'Fair go' protests for detained refugees

·2-min read

Refugee advocates have rallied across Australia to demand an end to the nation's long-running hotel and offshore detention policies.

The advocacy groups claim more than 100 medevac refugees - transferred from offshore detention for medical treatment under now-repealed medical evacuation laws - remain detained in city hotels.

About 250 are also being held offshore in Papua New Guinea and Nauru, they say.

Walk for Justice and a Fair Go for Refugees protests were held in Canberra, Melbourne, Sydney, Cairns, Hobart, Perth, Albany and Darwin on Sunday.

In the heart of Melbourne, hundreds gathered at the State Library Victoria to hear from speakers including freed Medevac refugee Mostafa Azimbitar.

Mr Azimbitar was among about 60 refugees transferred to Australia under medevac laws who was suddenly released from the Park Hotel in Carlton in January.

Seven refugees are still being held at the makeshift Melbourne detention centre including one of Mr Azimbitar's friends.

The Kurdish-Iranian refugee said he could not understand why his "brothers remain behind the tinted glass of the Park prison".

"There's no privacy, no relaxation or comfort inside the walls of Australia's hotel prisons," he told the crowd.

"The silence of the Australia people gives power to those committing evil deeds. We enable crimes against humanity with our silence."

The movement is launching a renewed push for the release of all refugees and permanent visas, fair and timely assessment of refugee status claims and "safety net" income for those waiting on reviews of their claims.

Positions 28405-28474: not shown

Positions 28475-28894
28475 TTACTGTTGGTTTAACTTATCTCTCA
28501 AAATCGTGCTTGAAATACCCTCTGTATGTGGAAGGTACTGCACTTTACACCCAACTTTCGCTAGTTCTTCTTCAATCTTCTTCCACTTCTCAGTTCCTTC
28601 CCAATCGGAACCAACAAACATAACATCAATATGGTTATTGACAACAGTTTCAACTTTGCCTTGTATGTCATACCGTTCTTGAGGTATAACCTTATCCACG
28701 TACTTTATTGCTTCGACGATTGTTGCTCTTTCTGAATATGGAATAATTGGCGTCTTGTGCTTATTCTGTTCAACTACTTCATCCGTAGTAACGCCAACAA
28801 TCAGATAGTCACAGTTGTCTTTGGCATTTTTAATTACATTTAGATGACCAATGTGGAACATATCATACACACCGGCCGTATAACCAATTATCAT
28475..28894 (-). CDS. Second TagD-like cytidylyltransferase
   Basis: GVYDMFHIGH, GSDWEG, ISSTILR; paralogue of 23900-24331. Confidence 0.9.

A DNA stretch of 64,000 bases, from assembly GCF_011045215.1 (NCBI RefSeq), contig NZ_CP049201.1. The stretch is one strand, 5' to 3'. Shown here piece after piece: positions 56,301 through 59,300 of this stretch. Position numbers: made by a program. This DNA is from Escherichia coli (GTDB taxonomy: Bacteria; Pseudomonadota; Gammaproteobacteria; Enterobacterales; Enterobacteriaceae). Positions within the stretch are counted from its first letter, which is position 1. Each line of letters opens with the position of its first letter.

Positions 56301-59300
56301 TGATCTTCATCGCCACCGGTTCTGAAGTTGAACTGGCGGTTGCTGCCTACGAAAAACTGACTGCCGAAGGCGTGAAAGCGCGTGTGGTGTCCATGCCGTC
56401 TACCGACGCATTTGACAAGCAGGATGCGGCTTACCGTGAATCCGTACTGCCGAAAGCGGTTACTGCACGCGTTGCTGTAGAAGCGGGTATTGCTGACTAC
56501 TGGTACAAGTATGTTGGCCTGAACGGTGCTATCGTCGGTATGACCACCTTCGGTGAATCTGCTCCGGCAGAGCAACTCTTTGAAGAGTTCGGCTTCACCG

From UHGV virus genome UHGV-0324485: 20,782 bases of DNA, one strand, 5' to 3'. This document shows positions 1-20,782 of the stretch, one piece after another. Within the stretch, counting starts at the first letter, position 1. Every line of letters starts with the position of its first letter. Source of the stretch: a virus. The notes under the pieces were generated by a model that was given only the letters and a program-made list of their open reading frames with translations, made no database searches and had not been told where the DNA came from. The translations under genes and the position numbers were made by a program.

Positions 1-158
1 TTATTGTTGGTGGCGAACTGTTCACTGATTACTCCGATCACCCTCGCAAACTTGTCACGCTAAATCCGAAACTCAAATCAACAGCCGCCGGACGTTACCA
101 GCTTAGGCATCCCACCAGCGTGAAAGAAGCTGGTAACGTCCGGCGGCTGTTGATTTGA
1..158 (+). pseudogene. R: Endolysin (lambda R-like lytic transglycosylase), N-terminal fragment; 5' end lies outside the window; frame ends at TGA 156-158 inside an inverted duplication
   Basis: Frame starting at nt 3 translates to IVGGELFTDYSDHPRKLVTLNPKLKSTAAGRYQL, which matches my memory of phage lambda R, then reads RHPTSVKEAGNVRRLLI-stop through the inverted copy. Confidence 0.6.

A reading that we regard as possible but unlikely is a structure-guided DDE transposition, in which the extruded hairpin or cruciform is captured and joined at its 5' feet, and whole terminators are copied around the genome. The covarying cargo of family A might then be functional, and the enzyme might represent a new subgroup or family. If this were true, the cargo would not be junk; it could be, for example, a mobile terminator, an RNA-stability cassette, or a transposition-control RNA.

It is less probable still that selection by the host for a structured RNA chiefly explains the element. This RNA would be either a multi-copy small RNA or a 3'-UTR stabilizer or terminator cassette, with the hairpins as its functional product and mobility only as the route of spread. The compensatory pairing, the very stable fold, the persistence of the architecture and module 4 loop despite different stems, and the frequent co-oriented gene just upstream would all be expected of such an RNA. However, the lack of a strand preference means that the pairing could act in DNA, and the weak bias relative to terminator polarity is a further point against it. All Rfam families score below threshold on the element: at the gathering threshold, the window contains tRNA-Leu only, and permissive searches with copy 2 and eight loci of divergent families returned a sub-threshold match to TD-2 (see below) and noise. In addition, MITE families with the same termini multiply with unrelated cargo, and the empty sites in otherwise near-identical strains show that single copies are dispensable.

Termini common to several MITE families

Mr Azimbitar said he and other released Melbourne medevac refugees were still without clarity on long-term residency and unable to access any form of welfare if they have no income.

"We are not truly free," he said before grabbing a guitar and singing I Am Australian.

Prominent civil liberties lawyer Julian Burnside said refugees in hotel and offshore detention were being treated worse than criminals.

"Every human being has the right to seek asylum," he said.

"Why do we treat these people so badly? It's because we are lied to by our parliamentarians. They lie to us and it's almost impossible to get the truth out of them."

Melbourne attendees then walked to the Park Hotel where Don Khan, one of the refugees still being held there, addressed the crowd via video call.

The Palm Sunday rallies were backed by over 200 refugee, religious, political and human rights groups.

Elsewhere, speakers in Canberra urged federal MPs to "consign these horrendous policies to the dustbin of history" while Sydney-based advocates also called for the abolition of offshore detention camps.